Yes, Stanford was overrated at No. 8 in the country, but that shouldn’t make Washington’s upset last Thursday any less impressive. The Huskies ran all over the Cardinal’s usually stout defense with Bishop Sankey rushing for 144 yards. Quarterback Keith Price threw for only 177 yards, but 129 of them — as well as 10 of his 19 completion — went to sophomore Kasen Williams. On the other side of the ball, Washington contained Stanford running back Stepfan Taylor, as the hero of the USC win averaged just 3.6 yards a carry. That put pressure on quarterback Josh Nunes, who had more incompletions than completions. This formula won’t work against Oregon’s spread offense, but if Steve Sarkisian and company were able to gameplan for Stanford successfully, they may have a few tricks up their sleeve for the undefeated Ducks.

— Jonathan Kuperberg

5. Stanford (3-1, 1-1)

There’s the Josh Nunes we expected to see. Andrew Luck’s heir to the throne was awful on Thursday against Washington in a 17-13 loss, connecting on just 18 of his 37 passes for 170 yards a game ending pick. The Huskies essentially laid out the formula for beating the Cardinal: pack the box and make Nunes try to beat you — an ability he has yet to show. Stepfan Taylor is still arguably the best running back in the conference, and the defensive front seven absolutely abused Washington’s offensive line — but none of that is going to matter unless Nunes can start sustaining drives and winning games with his arm.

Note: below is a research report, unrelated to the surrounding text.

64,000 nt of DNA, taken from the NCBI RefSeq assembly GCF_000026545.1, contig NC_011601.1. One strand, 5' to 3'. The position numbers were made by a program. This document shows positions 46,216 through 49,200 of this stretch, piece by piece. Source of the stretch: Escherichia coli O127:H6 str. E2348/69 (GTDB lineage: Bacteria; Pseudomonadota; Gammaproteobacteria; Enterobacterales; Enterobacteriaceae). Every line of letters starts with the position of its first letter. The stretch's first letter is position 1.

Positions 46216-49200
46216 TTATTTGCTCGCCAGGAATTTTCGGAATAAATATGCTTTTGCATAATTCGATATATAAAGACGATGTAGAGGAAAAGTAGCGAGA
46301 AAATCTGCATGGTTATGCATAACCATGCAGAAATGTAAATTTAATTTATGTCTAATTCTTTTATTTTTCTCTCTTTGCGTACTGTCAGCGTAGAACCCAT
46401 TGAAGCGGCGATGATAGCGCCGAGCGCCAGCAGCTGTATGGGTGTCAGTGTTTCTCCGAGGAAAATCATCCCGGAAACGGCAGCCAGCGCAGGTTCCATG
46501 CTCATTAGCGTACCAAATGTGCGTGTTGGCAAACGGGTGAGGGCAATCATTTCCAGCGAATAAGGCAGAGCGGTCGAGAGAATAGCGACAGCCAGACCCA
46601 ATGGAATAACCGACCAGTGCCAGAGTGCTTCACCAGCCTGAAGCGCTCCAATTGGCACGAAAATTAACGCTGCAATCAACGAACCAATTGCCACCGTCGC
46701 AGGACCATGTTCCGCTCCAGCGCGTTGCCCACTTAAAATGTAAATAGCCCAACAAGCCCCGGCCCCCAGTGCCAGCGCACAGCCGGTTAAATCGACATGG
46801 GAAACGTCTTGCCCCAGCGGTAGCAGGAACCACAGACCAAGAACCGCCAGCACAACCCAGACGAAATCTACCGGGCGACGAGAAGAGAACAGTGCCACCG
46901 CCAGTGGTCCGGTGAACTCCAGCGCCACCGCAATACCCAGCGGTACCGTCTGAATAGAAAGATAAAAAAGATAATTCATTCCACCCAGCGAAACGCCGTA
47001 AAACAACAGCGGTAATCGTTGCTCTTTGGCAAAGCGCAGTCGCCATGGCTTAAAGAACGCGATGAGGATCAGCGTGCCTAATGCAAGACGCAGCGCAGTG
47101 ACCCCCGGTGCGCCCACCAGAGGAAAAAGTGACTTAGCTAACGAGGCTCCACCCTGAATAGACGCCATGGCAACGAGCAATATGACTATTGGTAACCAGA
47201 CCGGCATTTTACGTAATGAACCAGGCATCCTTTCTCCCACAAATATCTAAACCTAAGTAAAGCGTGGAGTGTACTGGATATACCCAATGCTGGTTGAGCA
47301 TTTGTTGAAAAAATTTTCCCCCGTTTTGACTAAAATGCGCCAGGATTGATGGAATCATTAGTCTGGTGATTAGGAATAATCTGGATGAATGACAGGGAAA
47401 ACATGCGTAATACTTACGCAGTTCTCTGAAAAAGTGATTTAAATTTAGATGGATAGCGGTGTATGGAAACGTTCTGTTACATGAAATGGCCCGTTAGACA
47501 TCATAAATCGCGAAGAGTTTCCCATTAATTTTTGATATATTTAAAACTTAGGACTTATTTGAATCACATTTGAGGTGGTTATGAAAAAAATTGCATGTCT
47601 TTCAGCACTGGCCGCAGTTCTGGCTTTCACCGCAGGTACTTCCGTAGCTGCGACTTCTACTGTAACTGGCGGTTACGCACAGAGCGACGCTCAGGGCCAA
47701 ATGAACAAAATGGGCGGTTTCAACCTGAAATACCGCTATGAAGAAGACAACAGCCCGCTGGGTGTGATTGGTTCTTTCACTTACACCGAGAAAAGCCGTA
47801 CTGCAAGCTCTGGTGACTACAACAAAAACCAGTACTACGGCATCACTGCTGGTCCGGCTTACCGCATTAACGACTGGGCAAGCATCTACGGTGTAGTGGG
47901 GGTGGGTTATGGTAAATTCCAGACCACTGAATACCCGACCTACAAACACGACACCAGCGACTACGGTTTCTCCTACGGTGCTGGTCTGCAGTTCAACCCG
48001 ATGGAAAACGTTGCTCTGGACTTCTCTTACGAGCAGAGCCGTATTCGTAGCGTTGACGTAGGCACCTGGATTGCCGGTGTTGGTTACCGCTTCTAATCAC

—Connor Byrne

6. UCLA (4-1, 1-1)

What’s the best medicine for getting your offensive groove back after it gets knocked out of sync by a stifling Oregon State defense? Heading out to Boulder to take on Colorado. Against the hapless Buffaloes, the Bruins racked up almost 500 yards of offense in their 42-14 win, as quarterback Brett Hundley found his touch again for 281 passing yards a pair of scores. Running back Johnathan Franklin hurting his hand was reason for a slight scare, but head coach Jim Mora Jr. claims that he’s fine and shouldn’t miss anytime. On Saturday, UCLA will try to add to its best start since 2007 when it faces a reeling Cal team.

—Connor Byrne

7. Arizona (3-2, 0-2)